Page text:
Ranking the Padres: 6-10

Continuing the series from where we left off and its predecessor

20. Nick Vincent
19. Michael Gettys
18. Taylor Lindsey
17. Joe Ross
16. Joaquin Benoit
15. Jace Peterson
14. Kevin Quackenbush
13. Everth Cabrera
12. Austin Hedges
11. Yasmani Grandal

And now, Padres 6 through 10.

10. Seth Smith

I think Smith signed for a minor bargain, giving him surplus value compared to what a comparable player would earn on the open market.

He’s best used in a platoon where he doesn’t have to face left-handed pitching, meaning his optimal value requires an additional roster spot for his platoon mate. That’s not a major issue for the Padres, but it is a small limiting factor on his value externally.

With all the hype surrounding Smith’s 2014 season, you might wonder why he isn’t higher on this list. The reason is that although he still finished 2014 with impressive OBP and other offensive numbers, he really did come down to earth late in the season. I imagine he’ll regress further in 2015, back to his career norms. He’s still a decent player when that happens, but he’s not a top ten player like some statistically mal-inclined bloggers said early in the season.

9. Matt Wisler

I don’t know what to make of Matt Wisler since I have literally never seen him throw a single pitch and he’s already on the cusp of breaking into the Padres rotation.

I do know this, though: he’s young, he has solid statistics in the minor leagues, and he’s reasonably touted as a potential number three starter in the near future by reputable prospect outlets.

A few people will look at his ERA at AAA El Paso this season and conclude that he won’t be that valuable for the Padres. To that I yell PACIFIC COAST LEAGUE and point at his strikeout and walk rates: 7.79 K/9, 2.78 BB/9. Simply put, Wisler was a victim of the homer happy PCL. After allowing just one homerun in 114 innings in Fort Wayne and just 8 homeruns in over 130 innings in 2013, he gave up 19 in 2014. I don’t have the batted ball data to back it up, but I suspect that many of those were in fact PCL homeruns and that the combination of leaving the PCL plus pitching in Petco will bring that back down to at least league average in that department.

The Padres have a “lot” of pitching – volume, not necessarily quality at the top of the rotation – so Wisler feels expendable. He might be, if the return was equitable. However, he’s still a really valuable player seeing as he’s under control for the next six years, through his age 28 season.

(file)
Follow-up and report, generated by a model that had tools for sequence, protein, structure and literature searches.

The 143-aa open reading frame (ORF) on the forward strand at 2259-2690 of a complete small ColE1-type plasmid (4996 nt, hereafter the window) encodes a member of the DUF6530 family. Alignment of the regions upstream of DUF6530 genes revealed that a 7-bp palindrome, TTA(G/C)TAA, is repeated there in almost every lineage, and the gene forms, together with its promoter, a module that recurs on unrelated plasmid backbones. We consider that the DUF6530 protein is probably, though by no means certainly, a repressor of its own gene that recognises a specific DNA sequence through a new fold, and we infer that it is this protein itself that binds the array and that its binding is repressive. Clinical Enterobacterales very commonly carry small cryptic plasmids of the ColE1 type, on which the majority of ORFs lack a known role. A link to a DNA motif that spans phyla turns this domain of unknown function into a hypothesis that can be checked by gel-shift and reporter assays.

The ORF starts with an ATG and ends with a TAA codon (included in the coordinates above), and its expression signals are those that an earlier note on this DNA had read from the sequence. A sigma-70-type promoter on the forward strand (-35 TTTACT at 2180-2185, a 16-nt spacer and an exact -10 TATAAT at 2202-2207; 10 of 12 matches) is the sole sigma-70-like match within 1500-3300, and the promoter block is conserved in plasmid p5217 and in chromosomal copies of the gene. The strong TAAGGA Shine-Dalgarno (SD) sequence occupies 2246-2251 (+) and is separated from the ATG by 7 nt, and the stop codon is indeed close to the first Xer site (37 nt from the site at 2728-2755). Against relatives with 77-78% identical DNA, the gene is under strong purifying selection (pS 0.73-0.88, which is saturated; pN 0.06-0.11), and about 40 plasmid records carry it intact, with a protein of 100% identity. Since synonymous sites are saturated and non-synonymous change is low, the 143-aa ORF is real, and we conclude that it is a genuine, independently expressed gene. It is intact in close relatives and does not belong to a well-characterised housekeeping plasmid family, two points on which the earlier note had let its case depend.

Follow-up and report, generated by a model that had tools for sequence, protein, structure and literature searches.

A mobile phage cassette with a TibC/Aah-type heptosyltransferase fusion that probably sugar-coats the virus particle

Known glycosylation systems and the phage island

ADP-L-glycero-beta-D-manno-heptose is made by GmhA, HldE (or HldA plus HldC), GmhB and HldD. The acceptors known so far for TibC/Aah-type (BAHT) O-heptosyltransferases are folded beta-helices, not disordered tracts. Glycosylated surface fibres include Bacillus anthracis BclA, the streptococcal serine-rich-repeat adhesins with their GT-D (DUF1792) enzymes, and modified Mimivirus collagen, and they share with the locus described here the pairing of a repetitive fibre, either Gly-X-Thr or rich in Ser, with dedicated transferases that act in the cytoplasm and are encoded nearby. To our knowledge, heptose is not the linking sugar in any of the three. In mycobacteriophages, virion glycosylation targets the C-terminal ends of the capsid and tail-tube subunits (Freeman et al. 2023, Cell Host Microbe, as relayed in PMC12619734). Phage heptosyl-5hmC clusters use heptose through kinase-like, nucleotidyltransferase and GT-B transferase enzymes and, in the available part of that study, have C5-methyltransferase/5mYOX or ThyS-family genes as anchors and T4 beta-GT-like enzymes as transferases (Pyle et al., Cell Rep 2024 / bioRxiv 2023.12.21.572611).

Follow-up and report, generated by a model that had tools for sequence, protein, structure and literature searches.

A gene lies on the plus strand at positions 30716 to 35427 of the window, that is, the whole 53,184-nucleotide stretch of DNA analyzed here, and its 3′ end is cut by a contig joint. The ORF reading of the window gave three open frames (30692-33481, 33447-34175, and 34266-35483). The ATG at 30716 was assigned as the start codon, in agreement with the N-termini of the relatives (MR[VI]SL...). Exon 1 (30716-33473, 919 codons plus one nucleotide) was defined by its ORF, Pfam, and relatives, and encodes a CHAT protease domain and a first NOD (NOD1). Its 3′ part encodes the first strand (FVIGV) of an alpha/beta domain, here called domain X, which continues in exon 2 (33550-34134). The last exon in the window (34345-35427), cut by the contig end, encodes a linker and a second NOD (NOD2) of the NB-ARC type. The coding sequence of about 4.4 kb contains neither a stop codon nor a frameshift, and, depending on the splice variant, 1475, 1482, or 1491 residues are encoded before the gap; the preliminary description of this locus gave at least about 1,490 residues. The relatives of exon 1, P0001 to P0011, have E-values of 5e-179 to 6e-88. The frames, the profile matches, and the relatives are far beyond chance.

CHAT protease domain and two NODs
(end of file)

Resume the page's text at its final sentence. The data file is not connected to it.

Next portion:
8. Trea Turner

I wasn’t a tremendous fan of this selection when the Padres made it – so difficult not to flinch when you hear the phrase ‘hitting is a question mark’ for an offensive player – but a strong surge late in the season has him back in the discussion for most valuable Padres asset.

Principally, high draft picks (in particular first round picks) are extremely valuable commodities, regardless of team payroll. Once you factor in the Padres’ self-imposed payroll restriction and you reach the conclusion that the Padres (self-imposed) best way to add premier talent is through these assets.

Turner hasn’t done enough to make himself a bonafide, can’t miss prospect, but he also hasn’t done anything to indicate he’s going to bust.

Again, even if the odds are low he’ll turn into a star, six bargain seasons of a star at a premium position is such a significant amount of value that Turner had to rate high on this list.

7. Ian Kennedy

Unless Stites makes major strides in the immediate future, the Ian Kennedy acquisition by Josh Byrnes will likely go down as his best trade as Padres general manager.

I actually think that Kennedy might be a better bet to produce in 2015 than either Andrew Cashner and Tyson Ross. Cashner has obvious injury concerns, while Ross simply hasn’t pitched well long enough for me to believe that his distribution of likely outcomes is as narrow as Kennedy’s.

What keeps Kennedy below Ross and Cashner on this list is that he’s under control for only one more season. On the other hand, the reason Kennedy ranks above Wisler is due to the non-linear nature of Wins Above Replacement. In more colloquial terminology, contending teams should have significantly more interest in Kennedy than longer term players like Wisler, and may be willing to “overpay”.

6. Jesse Hahn

The only thing keeping the Hahn acquisition below the Kennedy deal mentioned above is the emergence of Brad Boxberger in Tampa.

He’s got one of the best looking curveballs that a Padres starter has had in some time, and it isn’t his only useful pitch. He throws hard, but that’s not all he does. Those are both statements that I love hearing about a Padres pitcher.

More importantly, he actually produces. After starting the year in AA, Hahn made a few stops at the Major League level before getting shut down at the end of the season. In his 73 innings with the Padres, Hahn struck out 70 batters and allowed only four homeruns. His walk total wasn’t spectacular – just a shade under 4 BB/9 – but it wasn’t a huge problem, either. And Hahn also induced groundballs on just a hair more than 50% of batters…unspectacular, but still a useful figure.

Though I don’t think he has the ability to be a staff ace, I think he can be reliably good for the next half-decade, cheap. That’s incredibly valuable.

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One response to “Ranking the Padres: 6-10

  1. Pingback: Ranking the Padres: 1-5 | Gwynntelligence·

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